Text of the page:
fall 700-level cross listed course

Eng 585/Eng 798 (Sec 005) Dr. Marsha Gordon

Tuesdays, 4:30-8:10pm

Laboring Ladies:  How Pre-1960s Hollywood Imagined Working Women


American women have been hard at work in the movies since the medium’s earliest years, from undercover spies and nurses in the teens, to department store clerks and secretaries in the 1920s, journalists and showgirls in the 1930s, restaurant entrepreneurs and factory workers in the 1940s, and advertising executives and fashion designers in the 1950s.  Whether in comedies, dramas, romances, or crime films, laboring ladies on the silver screen have a lot to teach us about the history of women’s participation in the workplace and in the home as it was imagined by an industry that was deeply engaged how women navigated the world.  


This class will focus on a selective history of women at work in movies before the 1960s.  Although we will use films as the spine of the course, we will also read primary materials, especially contemporary women’s fiction, reviews and commentary in women’s magazines, and writing by experts ranging from psychologists to suffragists. We will consider some films whose source material derived from women’s writing, as well as films by female directors.  Secondary sources will help guide us through the historical contexts in which these films were produced as we encounter recurrent themes such as women’s inability to balance careers with marriage or the skills needed to fend off powerful male sexual predators.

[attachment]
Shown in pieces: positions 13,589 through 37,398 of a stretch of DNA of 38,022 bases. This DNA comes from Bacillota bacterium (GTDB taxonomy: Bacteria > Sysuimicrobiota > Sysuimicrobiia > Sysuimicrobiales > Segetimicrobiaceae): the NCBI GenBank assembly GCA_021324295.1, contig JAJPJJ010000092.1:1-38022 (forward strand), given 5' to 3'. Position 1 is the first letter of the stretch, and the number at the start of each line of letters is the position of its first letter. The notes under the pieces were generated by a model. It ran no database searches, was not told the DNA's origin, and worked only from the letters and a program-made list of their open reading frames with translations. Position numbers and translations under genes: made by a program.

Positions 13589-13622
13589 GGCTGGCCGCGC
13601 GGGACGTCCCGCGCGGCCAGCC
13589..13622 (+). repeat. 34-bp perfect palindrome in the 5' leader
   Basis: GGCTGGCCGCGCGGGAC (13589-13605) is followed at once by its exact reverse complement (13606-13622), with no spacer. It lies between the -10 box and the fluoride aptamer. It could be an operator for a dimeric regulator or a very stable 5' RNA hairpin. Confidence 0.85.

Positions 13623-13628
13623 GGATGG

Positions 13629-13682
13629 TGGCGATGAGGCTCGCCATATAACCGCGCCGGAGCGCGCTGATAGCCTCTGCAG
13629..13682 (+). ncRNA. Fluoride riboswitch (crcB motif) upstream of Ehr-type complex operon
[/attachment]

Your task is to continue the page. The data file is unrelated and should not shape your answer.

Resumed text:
Students will be expected to write a series of short reflection and archival research papers, participate regularly in class discussions, and produce a final project that is suited to their disciplinary and scholarly interests. This final project can range from a traditional academic research paper, to a work of fiction, to a video essay, to a multi-media installation, to a web-based project (the nature of the project will be decided between each student and the professor). At the final exam each student will present their final projects to the class in the form of an abbreviated reading/performance, conference-style paper, or screening, depending upon the nature of the final project.

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